And if getting into the specialized high schools was as simple as paying for expensive prep to get a top score, there would be a lot more affluent white kids at these schools.  The specialized schools are equivalent to or better than elite private schools, and even the most lavish test prep is far less expensive than four years of private school tuition in New York.  If it was possible to reliably purchase scores by spending on test prep, then rich families would be happy to spend whatever was necessary, because it would actually save them hundreds of thousands of dollars in the long run.  

The SHSAT actually does not appear to be any more susceptible to prep than any other major standardized test, and other tests appear to corroborate SHSAT’s results.  Students who test into specialized high schools are often the same students who have previously tested into gifted and talented programs in elementary school, and students at the specialized high schools go on to perform extremely well on the SAT.  Stuy’s class of 2018 included 165 National Merit semifinalists, which requires earning a PSAT score in the top 1% of all students who take the test in the state of New York.  Stuyvesant has a 100% graduation rate, and the median Stuy graduate earns a 1460 composite SAT score.

The fact that the SHSAT reaches substantially the same results as both early-childhood gifted and talented assessments and college entrance exams suggests that some trait exists which all these tests are identifying in the same students.  Studies have shown that high test scores correlate strongly with career success across numerous fields, and the long lists of famous and successful Stuyvesant and Bronx Science alumni shows that the SHSAT has a record of identifying talent.   

This plan will destroy the specialized schools

Specialized high schools don’t have extraordinary facilities.  They don’t have more resources per student than other public schools.  They don’t have lower student-to-faculty ratios. New York’s specialized schools are elite because the students in them are elite.  Currently, in order to get into any of the specialized schools, students must score in the top 5% citywide, and it takes a score in about the top 2% to get into Stuyvesant.

As a result, Stuy is one of the most elite high schools in the United States.  And it’s a public school, free to attend for anyone who places into it. Comparable private schools, like The Dalton School and Packer Collegiate Institute cost nearly $50,000 in annual tuition.

The proposed changes will open these schools up to students scoring as low as the 75th percentile on a state achievement test. Unlike SHSAT, which only students hoping for seats in specialized high-schools take, all students sit for the state achievement test, including those in special education, de Blasio’s policy will admit students who fall much lower within a much larger and lower-achieving set of tested students.

While de Blasio believes his more racially inclusive standard is a better measure of merit than the SHSAT, taking a school that admits only students with elite test scores and opening it up to students with mediocre scores is the very definition of watering down admissions standards.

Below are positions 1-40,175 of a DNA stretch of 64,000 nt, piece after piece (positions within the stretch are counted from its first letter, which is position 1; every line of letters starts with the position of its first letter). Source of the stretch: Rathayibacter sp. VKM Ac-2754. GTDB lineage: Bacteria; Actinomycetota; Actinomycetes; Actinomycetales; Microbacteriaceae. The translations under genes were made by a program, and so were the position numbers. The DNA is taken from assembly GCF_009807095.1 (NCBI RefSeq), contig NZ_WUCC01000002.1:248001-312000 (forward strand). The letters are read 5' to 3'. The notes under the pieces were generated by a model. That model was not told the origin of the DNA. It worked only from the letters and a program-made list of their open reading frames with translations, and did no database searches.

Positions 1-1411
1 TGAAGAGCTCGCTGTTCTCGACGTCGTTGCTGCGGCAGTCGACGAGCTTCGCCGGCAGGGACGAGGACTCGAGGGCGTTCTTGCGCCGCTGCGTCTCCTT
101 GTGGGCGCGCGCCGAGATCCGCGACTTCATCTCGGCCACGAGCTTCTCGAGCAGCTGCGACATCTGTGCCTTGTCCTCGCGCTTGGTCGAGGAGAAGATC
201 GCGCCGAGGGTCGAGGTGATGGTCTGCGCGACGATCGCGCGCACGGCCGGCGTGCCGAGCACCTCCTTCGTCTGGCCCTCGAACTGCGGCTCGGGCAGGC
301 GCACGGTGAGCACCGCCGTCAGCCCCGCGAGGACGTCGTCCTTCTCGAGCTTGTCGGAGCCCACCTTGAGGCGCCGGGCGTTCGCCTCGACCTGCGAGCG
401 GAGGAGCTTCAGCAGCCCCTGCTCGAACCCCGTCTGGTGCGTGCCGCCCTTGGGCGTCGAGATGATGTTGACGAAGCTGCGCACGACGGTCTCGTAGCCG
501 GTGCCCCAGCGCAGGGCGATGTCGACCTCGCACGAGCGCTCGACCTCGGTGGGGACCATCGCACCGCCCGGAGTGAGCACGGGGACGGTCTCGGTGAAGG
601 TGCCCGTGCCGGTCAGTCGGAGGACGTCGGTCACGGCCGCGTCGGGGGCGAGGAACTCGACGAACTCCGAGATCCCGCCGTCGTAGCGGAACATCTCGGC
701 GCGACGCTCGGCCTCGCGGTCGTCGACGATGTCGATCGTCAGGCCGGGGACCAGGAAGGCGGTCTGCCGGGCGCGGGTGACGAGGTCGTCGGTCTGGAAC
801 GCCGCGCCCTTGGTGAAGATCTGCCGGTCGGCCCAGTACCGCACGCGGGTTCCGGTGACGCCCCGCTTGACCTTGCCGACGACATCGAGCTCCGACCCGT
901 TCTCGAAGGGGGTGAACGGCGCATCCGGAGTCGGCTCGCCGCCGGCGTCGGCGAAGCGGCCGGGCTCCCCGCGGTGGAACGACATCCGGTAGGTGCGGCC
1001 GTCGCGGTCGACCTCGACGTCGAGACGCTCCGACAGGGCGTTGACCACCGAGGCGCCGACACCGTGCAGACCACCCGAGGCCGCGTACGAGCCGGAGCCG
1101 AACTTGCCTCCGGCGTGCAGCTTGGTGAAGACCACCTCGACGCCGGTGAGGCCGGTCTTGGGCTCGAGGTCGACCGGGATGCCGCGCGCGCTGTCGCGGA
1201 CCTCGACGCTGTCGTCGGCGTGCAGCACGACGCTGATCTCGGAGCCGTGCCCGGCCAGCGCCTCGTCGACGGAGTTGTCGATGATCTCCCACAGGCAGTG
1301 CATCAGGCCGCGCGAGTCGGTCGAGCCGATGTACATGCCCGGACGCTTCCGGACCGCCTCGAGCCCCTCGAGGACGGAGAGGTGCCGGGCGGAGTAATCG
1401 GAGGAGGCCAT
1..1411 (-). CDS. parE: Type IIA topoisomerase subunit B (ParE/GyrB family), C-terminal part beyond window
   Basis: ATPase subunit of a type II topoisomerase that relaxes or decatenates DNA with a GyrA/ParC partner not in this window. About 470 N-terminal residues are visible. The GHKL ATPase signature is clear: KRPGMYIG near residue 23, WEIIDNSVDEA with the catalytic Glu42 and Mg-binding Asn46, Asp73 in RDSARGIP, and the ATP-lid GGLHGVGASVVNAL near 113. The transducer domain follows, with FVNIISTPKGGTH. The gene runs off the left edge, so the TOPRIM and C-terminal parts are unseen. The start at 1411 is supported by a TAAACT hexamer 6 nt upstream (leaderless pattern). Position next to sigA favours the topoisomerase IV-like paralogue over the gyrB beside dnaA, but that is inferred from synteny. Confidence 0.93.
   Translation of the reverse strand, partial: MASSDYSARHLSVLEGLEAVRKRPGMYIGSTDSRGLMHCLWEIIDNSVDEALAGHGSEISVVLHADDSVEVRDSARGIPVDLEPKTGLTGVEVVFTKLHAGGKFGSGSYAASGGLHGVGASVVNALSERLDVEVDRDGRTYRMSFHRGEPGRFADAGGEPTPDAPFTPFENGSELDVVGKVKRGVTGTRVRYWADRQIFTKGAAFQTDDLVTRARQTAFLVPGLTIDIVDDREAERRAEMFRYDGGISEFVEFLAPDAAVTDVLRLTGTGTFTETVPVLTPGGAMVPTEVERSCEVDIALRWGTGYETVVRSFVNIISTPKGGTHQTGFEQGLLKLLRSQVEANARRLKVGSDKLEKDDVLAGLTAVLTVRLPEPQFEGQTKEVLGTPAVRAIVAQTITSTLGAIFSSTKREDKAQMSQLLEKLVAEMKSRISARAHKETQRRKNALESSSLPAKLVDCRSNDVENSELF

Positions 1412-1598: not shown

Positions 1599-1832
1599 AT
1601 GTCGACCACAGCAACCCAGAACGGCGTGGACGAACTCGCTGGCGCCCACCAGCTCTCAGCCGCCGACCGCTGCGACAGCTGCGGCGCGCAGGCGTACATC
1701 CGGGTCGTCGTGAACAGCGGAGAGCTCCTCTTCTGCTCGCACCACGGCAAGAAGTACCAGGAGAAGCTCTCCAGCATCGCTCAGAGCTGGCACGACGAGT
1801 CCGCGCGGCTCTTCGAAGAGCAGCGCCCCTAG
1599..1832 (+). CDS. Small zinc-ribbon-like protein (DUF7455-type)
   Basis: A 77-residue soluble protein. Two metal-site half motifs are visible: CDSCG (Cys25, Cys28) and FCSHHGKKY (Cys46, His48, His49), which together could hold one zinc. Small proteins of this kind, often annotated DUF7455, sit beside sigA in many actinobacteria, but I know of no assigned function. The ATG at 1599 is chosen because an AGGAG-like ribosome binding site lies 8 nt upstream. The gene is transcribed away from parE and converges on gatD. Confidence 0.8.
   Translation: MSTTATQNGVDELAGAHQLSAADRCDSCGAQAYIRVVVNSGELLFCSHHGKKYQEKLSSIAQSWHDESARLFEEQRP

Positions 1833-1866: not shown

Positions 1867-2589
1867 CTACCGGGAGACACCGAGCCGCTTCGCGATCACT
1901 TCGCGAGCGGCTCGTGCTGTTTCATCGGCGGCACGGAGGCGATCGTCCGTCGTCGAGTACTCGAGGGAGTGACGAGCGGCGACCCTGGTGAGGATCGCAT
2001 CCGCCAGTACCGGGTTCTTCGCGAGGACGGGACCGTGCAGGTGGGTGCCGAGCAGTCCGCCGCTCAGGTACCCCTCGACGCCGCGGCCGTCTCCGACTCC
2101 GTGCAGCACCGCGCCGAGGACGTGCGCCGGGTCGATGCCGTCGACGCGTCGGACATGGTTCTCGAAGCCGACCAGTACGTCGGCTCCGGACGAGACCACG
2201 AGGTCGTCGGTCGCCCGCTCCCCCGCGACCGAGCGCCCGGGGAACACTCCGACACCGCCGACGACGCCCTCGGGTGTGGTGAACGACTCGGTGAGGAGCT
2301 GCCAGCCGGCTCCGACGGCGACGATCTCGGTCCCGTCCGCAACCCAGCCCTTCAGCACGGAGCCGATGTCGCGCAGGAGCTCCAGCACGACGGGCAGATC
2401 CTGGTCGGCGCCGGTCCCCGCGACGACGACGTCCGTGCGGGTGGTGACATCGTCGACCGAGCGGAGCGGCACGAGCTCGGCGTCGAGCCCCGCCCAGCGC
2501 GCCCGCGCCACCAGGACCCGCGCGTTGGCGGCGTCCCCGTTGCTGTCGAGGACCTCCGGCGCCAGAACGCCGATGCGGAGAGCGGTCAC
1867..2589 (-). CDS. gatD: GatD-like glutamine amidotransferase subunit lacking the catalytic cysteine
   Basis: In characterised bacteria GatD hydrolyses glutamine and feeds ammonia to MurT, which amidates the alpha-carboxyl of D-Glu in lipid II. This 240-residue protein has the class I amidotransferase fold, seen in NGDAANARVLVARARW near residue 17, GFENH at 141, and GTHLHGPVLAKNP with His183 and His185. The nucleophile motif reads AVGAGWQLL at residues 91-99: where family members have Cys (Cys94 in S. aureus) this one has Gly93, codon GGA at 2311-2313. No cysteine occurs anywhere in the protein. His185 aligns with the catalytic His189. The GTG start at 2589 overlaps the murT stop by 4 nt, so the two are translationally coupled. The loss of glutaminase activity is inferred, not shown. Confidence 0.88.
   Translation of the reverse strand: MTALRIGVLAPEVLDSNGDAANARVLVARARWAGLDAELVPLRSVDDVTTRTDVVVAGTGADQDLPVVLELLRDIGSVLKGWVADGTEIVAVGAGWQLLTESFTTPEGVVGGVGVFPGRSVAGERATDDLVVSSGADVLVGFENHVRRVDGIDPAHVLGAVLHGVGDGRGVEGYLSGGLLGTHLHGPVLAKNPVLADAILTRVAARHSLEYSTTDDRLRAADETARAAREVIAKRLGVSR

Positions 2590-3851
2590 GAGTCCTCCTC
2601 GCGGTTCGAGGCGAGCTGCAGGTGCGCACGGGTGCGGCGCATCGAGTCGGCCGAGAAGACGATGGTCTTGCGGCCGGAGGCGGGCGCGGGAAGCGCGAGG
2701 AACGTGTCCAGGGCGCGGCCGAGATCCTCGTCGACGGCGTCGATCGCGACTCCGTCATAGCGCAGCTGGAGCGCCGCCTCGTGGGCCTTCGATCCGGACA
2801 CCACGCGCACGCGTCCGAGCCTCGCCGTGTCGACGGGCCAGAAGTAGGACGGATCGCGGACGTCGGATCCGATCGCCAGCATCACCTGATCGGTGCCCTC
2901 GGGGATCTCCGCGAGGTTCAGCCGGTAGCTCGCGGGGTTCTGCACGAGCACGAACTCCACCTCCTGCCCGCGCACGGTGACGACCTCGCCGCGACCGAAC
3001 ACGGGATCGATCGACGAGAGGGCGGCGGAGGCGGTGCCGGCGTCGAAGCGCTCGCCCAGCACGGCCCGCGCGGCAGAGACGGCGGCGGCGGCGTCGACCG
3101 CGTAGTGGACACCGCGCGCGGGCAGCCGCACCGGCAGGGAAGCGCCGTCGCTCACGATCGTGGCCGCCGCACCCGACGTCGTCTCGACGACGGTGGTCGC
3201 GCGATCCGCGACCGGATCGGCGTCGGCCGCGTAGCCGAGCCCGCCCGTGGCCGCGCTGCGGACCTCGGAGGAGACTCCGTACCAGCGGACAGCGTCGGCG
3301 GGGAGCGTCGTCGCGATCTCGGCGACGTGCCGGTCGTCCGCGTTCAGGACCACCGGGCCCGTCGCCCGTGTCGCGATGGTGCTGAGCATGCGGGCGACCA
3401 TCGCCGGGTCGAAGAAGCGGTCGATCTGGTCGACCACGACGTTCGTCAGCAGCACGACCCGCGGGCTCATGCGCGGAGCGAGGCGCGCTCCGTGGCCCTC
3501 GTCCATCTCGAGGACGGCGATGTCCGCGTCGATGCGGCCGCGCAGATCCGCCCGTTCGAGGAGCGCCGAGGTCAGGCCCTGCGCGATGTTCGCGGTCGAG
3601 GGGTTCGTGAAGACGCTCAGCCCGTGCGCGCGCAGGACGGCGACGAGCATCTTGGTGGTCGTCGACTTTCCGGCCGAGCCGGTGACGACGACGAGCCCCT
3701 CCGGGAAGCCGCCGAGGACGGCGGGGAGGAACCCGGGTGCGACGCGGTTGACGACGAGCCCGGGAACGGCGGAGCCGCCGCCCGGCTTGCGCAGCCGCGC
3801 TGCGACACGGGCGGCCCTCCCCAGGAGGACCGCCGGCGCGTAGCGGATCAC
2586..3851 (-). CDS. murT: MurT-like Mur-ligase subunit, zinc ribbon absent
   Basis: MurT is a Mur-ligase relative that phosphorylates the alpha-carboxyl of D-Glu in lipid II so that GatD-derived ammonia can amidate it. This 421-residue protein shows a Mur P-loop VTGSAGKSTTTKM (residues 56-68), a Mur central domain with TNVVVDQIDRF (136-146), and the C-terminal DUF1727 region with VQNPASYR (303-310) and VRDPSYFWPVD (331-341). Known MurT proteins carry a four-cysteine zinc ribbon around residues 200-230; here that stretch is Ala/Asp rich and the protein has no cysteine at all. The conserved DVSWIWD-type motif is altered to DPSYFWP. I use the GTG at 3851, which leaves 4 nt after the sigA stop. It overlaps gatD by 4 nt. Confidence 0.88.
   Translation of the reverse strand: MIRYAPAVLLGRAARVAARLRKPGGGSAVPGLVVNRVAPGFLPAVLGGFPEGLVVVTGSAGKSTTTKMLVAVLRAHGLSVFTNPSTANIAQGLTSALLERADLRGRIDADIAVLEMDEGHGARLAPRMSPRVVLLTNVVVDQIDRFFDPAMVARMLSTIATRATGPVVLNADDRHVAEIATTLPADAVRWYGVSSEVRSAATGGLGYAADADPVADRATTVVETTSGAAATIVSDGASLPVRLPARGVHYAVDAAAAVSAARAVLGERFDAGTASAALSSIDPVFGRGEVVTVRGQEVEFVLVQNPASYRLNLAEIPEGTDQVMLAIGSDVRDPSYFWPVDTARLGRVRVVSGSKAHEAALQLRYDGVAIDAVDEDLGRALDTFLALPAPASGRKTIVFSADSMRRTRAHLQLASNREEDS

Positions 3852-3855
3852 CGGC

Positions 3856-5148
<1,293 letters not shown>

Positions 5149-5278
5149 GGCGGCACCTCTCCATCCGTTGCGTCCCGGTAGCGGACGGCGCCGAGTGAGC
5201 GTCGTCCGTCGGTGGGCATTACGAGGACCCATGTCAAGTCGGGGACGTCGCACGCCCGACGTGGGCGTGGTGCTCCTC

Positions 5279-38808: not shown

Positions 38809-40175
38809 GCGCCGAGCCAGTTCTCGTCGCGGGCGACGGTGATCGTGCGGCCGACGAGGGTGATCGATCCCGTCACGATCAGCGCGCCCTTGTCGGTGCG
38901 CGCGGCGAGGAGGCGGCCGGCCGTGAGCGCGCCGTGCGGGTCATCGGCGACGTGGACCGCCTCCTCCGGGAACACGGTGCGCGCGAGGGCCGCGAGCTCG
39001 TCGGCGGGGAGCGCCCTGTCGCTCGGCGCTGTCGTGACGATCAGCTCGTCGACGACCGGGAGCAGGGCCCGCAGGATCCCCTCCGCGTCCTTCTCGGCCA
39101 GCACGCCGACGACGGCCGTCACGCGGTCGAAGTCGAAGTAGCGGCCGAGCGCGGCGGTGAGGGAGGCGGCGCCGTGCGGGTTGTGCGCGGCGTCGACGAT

When these schools are opened to students who cannot earn “advanced” math scores on state achievement tests, specialized schools will have to expand lower level course offerings at the expense of the huge array of AP and college level classes they currently offer.  When students graduate from Stuyvesant and Bronx Science with median SATs below 1100, these schools will no longer be worth a long subway commute from Fresh Meadows or Flushing, they’ll no longer be feeders to the Ivies, and they’ll no longer be viewed by white parents as an alternative to elite private schools for high achieving students.  

So the top students will abandon these schools, and the jewels of the New York public school system — the schools with the highest test scores, the chess championships, and the internationally-ranked robotics clubs — will probably end up being the neighborhood schools in Flushing, Fresh Meadows and Chinatown.  The best schools are where the best students are, and that means Bill de Blasio can’t take Stuyvesant and Bronx Science away from these kids, because these kids are Stuyvesant and Bronx Science.

The disparities measured by SHSAT reflect real performance deficits

The disparities in test scores that de Blasio considers such an injustice are the result of decades of policy decisions by city officials that have failed to cultivate academic excellence in most of the city’s middle schools, and have failed to prepare black and Latino students to compete with whites and Asians for selective admissions to specialized high schools or to selective colleges.

Chalkbeat, the same outlet where de Blasio announced his proposal, published an essay in 2017 by a black student named Yacine Fall, who was then a senior at Beacon High School, a selective and predominantly white public school in Manhattan.  Beacon picks a class of 350 students out of more than 6000 eighth graders who list it among their top choices in the citywide high school selection process. It does not use the SHSAT, which is only for the eight specialized high schools, but, instead, it assesses students on the basis of their grades, state test scores, a portfolio of submitted work and an interview.  But, while Beacon is selective, the median SAT scores of its graduating seniors are a full standard deviation lower than those at Bronx Science or Stuyvesant.